I’ve personally never had one of those 5-10 year plans that people make. I’m an indecisive person with lots of passions, and I never liked the idea of sticking to one thing for the rest of my life.
The trouble with not having a solid plan is that I never knew what my life was going to look like. I’ve known people who’d decided their career path in high school or knew exactly what age they wanted to get married and have kids.
Not having a solid plan for the future can be both a blessing and a curse. Though it means you’re open-minded to what might happen, it also means you might lack direction. Being indecisive can make you think you have it all figured out until you end up changing your mind one week later.
If you have no clue what the future holds or you’re not sure if you’re on the right path, it can feel like you’re never going to get anywhere. Luckily, you can create a plan for your life even if you have no idea where you’re headed.
With a life plan, it becomes much easier to focus on what matters to you and not what other people are doing or telling you to do. In this post, I’ll help you find clarity around what you truly want in life so you can have more direction.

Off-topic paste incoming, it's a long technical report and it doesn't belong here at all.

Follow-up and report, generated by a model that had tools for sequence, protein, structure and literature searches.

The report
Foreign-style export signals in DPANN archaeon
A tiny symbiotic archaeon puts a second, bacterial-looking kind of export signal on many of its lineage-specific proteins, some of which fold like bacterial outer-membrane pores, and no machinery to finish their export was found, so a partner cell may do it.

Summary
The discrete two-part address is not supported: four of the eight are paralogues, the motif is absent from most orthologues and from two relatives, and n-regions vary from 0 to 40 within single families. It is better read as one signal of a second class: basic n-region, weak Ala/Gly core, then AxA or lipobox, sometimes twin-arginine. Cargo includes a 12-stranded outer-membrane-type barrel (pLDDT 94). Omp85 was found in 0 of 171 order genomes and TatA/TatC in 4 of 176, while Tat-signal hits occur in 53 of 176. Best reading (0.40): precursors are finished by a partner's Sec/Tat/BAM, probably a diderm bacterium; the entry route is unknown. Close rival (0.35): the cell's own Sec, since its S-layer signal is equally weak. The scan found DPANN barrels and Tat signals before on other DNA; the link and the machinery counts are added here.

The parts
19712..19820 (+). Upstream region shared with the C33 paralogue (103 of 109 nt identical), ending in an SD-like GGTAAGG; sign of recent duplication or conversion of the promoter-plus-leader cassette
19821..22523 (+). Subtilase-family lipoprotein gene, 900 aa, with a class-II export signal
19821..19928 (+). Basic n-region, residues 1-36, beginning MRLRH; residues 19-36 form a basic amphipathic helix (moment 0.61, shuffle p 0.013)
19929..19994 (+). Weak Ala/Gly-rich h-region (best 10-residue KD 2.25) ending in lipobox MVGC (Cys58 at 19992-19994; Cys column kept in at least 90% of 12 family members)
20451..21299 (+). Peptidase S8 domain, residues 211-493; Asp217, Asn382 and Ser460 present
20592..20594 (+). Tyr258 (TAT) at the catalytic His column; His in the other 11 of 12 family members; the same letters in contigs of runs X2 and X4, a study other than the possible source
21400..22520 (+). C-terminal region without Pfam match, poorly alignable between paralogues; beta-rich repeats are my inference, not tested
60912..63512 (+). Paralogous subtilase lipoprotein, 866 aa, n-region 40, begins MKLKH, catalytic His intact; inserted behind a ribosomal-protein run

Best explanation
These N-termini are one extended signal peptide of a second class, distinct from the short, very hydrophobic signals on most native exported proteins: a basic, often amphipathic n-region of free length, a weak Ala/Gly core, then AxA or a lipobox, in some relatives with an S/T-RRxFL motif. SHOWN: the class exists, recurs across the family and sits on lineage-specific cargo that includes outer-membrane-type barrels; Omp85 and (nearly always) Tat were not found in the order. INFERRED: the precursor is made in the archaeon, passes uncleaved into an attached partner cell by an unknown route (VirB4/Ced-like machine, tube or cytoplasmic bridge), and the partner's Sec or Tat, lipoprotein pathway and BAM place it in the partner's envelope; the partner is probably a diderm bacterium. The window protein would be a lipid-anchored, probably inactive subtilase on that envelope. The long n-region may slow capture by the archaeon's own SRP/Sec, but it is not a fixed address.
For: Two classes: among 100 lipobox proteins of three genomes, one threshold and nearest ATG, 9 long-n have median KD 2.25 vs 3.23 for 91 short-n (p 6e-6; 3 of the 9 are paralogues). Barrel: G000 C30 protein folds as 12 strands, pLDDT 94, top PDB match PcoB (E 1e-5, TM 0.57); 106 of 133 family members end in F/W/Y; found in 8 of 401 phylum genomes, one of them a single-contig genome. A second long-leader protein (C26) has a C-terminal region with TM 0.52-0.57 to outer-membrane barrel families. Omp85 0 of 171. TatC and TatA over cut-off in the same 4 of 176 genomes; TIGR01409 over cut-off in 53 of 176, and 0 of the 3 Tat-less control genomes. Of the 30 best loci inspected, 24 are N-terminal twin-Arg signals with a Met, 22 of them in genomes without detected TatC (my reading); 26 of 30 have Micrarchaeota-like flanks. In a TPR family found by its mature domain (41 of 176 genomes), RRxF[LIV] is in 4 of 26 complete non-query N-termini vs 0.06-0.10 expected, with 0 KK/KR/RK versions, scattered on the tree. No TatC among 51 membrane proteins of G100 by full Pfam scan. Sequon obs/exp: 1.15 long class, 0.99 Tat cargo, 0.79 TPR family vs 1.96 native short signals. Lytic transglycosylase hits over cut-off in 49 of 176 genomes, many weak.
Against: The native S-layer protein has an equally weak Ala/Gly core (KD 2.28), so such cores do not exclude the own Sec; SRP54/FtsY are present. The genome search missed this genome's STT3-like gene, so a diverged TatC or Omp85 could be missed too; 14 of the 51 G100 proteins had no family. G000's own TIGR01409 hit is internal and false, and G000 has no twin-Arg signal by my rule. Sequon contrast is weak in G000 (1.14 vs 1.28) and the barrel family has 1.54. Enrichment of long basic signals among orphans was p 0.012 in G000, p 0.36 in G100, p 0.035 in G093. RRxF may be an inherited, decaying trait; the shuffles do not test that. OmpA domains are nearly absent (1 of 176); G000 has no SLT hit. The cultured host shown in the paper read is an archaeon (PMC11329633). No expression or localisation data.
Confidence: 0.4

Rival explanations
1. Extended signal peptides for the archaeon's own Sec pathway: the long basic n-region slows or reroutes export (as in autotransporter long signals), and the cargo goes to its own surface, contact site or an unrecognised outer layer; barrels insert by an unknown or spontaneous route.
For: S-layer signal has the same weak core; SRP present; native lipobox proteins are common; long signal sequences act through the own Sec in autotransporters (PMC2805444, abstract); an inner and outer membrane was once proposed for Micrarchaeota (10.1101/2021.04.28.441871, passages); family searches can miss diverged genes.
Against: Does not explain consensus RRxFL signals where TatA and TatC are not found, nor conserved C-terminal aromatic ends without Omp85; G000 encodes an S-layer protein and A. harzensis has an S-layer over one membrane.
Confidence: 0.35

What Is An Intentional Life Plan?
You might think a life plan is only about the type of career you’re going to have. If people can figure out early on that they’re going to be a doctor, they’re set for life, right?
But what if you’re multi-passionate? What if you’re indecisive about the kind of job you want?
The thing is that a life plan includes more than jobs and relationships. Your vision for the future is about the values you want to uphold. It’s the legacy you want to leave behind and the small changes you want to make to yourself and the world.
Even though I’ve never had a 5 or 10-year plan in place, I’ve been clear on my values, priorities, and vision for my life. My values and priorities are specific, but my vision has been more open-ended.
Rather than focusing on your career, a life plan helps you visualize what’s important in all areas of your life. That way, you can have something to guide you when you feel lost. Even when you’re not sure what your future holds, your plan reminds you that you’re striving towards something that matters.